"Baseball Doesn't Need Collusion To Turn Off The Hot Stove"

Microeconomics wins again.

So while outright collusion among owners is certainly possible, it isn’t necessary to explain what’s going on. It’s far more likely that what we’re seeing in recent winters is simply the hard cold math resulting from a mismatch between how much money each team is raking in overall and how much of that revenue each individual player can lay claim to being responsible for.

“A lot of us in academia wrote about that and actually told the players’ association that that was going to be the effect,” says Stanford sports economist Roger Noll. “And they didn’t really believe us, because they thought that salaries were driven simply by total income, not by the increment to income driven by a player.”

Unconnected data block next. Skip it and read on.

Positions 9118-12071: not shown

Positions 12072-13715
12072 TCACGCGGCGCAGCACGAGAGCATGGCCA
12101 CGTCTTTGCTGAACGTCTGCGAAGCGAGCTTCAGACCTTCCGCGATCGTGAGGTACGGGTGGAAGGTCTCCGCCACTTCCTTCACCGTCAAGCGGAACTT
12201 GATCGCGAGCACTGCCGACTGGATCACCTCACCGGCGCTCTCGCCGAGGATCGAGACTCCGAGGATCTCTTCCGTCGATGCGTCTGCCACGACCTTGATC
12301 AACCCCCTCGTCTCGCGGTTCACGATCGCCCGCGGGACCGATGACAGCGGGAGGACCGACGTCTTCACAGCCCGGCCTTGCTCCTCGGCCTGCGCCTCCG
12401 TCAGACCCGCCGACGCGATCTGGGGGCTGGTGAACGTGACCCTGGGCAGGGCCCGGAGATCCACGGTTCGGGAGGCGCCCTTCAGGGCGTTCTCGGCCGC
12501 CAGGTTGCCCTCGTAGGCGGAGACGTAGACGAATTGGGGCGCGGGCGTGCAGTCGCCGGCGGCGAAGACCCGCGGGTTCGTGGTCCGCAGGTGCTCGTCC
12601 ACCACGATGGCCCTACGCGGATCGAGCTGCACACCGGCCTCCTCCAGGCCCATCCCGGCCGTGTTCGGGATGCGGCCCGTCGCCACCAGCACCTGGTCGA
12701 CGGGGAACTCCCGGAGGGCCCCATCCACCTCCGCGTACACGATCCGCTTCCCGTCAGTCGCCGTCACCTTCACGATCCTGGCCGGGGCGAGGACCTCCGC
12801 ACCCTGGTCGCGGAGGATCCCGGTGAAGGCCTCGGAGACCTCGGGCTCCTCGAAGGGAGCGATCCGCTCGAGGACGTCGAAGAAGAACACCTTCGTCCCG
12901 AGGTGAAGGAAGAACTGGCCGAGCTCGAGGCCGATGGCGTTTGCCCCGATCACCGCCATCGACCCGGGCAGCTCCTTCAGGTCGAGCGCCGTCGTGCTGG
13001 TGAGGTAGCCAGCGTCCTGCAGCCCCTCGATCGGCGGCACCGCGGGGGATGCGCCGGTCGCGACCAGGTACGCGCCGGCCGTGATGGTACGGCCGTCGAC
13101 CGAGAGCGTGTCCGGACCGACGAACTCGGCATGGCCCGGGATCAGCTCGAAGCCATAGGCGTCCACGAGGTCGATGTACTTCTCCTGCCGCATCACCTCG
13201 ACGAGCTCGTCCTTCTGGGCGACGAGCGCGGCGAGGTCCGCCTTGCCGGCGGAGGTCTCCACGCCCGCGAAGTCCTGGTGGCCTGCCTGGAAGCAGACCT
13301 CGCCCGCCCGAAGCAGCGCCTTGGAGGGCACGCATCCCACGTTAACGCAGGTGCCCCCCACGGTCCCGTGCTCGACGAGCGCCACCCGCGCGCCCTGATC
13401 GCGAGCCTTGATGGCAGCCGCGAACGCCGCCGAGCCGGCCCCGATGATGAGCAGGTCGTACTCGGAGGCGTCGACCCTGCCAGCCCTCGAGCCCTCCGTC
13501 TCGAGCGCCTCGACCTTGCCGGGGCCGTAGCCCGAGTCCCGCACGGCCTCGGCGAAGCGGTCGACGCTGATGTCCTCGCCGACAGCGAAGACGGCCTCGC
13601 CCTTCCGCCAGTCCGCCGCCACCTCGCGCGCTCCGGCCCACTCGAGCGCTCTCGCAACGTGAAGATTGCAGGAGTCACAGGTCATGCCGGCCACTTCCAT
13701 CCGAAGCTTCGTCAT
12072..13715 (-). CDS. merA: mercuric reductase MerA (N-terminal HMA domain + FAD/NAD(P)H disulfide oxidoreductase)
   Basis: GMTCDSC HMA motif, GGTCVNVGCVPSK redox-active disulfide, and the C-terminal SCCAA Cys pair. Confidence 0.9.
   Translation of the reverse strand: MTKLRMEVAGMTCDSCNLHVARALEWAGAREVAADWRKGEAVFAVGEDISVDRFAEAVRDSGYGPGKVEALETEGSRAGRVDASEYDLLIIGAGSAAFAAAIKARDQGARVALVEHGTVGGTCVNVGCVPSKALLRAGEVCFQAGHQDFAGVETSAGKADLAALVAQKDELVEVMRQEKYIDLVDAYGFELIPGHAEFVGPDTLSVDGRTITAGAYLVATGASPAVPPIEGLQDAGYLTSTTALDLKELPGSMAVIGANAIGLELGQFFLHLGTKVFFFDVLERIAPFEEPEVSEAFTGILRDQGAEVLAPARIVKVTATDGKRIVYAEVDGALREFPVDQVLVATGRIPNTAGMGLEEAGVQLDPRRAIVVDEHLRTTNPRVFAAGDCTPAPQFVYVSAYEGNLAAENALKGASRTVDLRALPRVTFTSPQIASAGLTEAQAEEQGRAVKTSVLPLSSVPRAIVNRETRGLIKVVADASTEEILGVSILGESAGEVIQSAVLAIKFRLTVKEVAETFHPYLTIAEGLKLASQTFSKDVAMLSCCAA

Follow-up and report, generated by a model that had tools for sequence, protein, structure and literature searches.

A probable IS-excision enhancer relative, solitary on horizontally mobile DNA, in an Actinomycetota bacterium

(Link via Marginal Revolution.)

"D.C. Approaches 20 Years of Daniel Snyder’s Failed Ownership of the Washington Football Team"

Interesting piece about the Redskins's widely despised owner. But I dispute the thesis: if Snyder is only interesting in money, shouldn't somebody have bought him out by now? 

One data point in support: another widely despised owner, James Dolan of Knicks, Rangers, and Liberty, says he would be open to the "right" offer.